Apple has been warning developers for some time that 32-bit apps would be deprecated on macOS, as they have already been on iOS. macOS High Sierra is now displaying a warning whenever you launch a 32-bit app, informing you that the app is “not optimized for your Mac.”
If you click OK, the app will launch, and if you click Learn More, you’ll be taken to an Apple technical document explaining this change. You can continue to use these 32-bit apps, and, as Apple says, “Using 32-bit software has no adverse effects on your data or your computer.” However:
The 64-bit transition for macOS and macOS apps is still underway, so final transition dates have not yet been established. But now is a good time to check with the software developer to see if 64-bit versions of your favorite titles are available.
So it’s a good time to check if the apps you depend on have updates available.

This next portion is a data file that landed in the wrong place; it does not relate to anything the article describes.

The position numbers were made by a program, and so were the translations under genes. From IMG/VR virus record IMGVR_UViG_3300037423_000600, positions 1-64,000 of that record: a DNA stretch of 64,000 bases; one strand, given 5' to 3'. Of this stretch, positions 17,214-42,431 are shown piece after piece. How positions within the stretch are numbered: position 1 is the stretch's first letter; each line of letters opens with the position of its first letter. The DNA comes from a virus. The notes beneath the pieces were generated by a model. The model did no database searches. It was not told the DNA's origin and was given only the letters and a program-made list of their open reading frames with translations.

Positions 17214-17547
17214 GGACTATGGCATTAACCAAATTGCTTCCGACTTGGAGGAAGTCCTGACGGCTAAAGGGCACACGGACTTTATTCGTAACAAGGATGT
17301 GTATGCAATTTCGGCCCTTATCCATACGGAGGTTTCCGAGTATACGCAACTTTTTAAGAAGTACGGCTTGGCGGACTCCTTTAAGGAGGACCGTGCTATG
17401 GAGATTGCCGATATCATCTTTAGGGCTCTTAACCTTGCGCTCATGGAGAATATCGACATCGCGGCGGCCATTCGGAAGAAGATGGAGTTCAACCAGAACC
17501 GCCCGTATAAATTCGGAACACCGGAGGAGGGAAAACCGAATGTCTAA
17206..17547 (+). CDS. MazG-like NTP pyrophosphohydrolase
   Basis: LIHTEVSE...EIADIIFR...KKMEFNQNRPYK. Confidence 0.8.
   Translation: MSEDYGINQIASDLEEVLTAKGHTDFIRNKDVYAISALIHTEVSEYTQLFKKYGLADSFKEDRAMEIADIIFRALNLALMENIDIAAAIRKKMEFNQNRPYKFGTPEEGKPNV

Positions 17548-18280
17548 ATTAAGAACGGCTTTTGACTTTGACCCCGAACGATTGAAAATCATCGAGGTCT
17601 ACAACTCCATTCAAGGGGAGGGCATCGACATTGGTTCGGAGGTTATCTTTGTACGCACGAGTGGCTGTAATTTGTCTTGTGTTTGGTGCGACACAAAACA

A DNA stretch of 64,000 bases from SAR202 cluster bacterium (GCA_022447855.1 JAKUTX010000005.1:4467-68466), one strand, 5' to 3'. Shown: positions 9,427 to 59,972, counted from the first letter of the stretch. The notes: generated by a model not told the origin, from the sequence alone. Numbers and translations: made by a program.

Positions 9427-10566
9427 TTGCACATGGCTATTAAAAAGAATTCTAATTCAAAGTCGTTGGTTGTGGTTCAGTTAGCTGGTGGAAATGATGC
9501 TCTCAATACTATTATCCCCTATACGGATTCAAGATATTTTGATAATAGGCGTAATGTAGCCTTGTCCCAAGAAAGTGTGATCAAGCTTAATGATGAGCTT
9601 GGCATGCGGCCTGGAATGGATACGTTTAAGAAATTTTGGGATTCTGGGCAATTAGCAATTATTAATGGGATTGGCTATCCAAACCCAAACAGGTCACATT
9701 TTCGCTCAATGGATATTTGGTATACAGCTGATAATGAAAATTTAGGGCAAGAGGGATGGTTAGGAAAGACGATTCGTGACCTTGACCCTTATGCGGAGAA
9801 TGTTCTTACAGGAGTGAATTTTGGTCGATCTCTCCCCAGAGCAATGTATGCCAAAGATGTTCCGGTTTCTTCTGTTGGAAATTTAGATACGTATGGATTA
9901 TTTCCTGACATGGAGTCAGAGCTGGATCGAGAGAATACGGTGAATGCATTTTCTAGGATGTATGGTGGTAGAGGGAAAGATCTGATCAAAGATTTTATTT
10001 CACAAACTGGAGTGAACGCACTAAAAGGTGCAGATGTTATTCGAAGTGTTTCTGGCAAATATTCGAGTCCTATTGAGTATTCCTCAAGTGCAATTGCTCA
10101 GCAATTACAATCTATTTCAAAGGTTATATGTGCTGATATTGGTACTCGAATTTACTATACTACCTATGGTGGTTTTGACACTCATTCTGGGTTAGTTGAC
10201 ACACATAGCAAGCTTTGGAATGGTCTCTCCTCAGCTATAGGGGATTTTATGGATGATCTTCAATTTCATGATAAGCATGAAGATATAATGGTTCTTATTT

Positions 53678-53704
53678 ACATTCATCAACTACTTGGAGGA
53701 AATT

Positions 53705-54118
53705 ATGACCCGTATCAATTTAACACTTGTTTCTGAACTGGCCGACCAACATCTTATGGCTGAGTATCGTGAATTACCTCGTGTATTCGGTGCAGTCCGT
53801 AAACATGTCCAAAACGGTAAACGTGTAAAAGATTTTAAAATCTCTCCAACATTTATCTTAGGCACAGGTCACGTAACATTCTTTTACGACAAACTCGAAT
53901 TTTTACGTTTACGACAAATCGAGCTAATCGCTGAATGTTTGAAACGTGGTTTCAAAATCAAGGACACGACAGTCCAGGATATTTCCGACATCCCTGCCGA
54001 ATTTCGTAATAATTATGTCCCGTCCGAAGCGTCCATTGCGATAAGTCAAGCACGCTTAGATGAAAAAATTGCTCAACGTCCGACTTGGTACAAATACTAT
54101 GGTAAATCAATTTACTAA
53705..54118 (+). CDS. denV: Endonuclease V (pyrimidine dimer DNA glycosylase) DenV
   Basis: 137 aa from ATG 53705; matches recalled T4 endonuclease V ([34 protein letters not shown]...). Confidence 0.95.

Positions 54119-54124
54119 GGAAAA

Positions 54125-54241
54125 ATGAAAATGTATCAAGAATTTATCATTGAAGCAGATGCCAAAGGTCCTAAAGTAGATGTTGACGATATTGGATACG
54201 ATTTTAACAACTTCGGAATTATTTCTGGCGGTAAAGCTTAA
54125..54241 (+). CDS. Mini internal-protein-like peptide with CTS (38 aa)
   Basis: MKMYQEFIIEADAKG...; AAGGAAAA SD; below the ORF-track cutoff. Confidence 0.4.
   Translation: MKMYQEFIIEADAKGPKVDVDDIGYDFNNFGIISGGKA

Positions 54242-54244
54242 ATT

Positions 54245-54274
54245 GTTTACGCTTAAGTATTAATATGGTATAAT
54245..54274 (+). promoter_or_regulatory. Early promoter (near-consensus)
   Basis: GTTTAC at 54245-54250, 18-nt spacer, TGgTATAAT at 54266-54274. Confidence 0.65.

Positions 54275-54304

There’s an easy way to find all the apps on your Mac that are 32-bit. Choose the Apple Menu > About this Mac, then click System Report. In the System Information app that displays, click Applications in the Software section, and you’ll see a list of apps. Click the 64-Bit header to sort by No or Yes. You’ll see a number of apps, including some by Apple.
Again, there’s nothing to worry about right away, but it’s a good idea to check if the apps you use have been updated. Many apps automatically check for updates, but not all; for example, my ScanSnap scanner software does not do this, so I had to go find a new version on the vendor’s website.